<h3 id="manifest-service">Declare your media browser service</h3>
Auto devices expect to connect to a service in order to browse audio track
listings. You declare this service in your manifest to allow the dashboard system to discover
this service and connect to your app.
<p>The following code example shows how to declare this listing browser service in your manifest:</p>
&lt;service android:name="<em>.MyMediaBrowserService</em>"
<strong>&lt;action android:name=</strong>
The service your app provides for browsing audio tracks must extend the
{@link}. The implementation of this service is discussed
in the <a href="#implement_browser">Build a Browser Service</a> section.
<p class="note">
<strong>Note:</strong> Other clients can also contact your app's browser service aside from Auto
devices. These media clients might be other apps on a user's mobile device, or they might be other
remote clients.
<h3 id="manifest-icon">Specify a notification icon</h3>
The Auto user interface shows notifications about your audio app to the user during the course
of operation. For example, if the user has a navigation app running, and one song finishes
and a new song starts, the Auto device shows the user a notification to indicate the change with
an icon from your app. You can specify an icon that is used to represent your app for these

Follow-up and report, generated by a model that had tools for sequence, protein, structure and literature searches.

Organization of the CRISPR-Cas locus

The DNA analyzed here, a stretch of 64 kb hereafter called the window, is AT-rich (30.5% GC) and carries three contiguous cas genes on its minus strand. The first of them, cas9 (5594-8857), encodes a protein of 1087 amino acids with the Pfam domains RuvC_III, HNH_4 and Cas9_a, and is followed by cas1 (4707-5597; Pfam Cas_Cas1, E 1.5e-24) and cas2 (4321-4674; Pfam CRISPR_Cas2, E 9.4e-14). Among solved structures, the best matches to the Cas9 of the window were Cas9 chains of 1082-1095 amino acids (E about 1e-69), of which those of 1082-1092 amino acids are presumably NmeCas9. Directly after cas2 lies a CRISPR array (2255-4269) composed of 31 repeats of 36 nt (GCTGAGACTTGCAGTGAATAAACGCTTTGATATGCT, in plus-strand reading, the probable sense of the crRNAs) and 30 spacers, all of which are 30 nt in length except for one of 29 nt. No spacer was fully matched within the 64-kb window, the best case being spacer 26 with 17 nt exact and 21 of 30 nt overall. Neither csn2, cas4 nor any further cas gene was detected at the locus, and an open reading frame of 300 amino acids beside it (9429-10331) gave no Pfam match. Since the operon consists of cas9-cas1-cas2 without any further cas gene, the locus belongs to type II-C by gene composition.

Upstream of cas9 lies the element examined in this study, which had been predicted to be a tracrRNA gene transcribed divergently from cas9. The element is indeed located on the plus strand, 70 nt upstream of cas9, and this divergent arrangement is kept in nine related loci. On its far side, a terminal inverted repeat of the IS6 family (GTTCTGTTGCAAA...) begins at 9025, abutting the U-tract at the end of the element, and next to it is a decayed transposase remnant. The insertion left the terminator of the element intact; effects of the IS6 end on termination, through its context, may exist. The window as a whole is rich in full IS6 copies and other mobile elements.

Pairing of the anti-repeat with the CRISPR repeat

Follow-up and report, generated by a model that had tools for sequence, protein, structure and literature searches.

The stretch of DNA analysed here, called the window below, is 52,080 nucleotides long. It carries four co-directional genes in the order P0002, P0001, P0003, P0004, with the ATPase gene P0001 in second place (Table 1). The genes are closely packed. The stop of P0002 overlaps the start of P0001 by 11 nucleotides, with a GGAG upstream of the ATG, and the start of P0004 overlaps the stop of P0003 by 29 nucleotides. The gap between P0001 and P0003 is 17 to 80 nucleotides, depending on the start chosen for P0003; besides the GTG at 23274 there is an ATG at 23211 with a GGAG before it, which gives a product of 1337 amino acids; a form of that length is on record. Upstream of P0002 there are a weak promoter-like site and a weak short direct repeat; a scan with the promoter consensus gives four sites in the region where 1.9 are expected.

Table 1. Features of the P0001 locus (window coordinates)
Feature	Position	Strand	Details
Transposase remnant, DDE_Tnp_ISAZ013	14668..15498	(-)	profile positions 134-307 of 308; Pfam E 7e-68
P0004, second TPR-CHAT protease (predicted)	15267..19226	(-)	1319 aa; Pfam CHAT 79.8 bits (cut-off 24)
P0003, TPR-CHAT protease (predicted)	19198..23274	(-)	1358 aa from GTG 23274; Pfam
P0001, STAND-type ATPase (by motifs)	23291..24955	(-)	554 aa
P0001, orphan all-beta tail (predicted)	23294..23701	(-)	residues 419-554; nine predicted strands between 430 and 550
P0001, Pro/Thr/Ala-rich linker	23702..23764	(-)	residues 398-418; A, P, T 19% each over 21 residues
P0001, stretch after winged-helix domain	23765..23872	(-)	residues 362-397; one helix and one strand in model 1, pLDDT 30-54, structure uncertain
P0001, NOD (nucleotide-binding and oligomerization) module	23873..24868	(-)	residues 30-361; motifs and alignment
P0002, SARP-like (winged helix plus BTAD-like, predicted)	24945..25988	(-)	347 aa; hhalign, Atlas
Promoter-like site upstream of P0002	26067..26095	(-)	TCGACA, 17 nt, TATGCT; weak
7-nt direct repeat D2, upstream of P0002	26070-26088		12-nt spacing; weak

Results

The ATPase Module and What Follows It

notifications using the following manifest declaration:
&lt;meta-data android:name=""
android:resource="&#64;drawable/ic_notification" /&gt;
<p class="note"><strong>Note:</strong> The icon you provide should have transparency enabled, so the
icon's background gets filled in with the app's primary color.</p>
<h2 id="implement_browser">Build a Browser Service</h2>
<p>Auto devices interact with your app by contacting its implementation of a
{@link}, which
you declare in your app manifest. This service allows Auto devices to find out what content your app
provides. Connected Auto devices can also query your app's media browser service to contact the
{@link} provided by your app, which handles content playback
<p>You create a media browser service by extending the
{@link} class.
Connected Auto devices can contact your service to do the following:</p>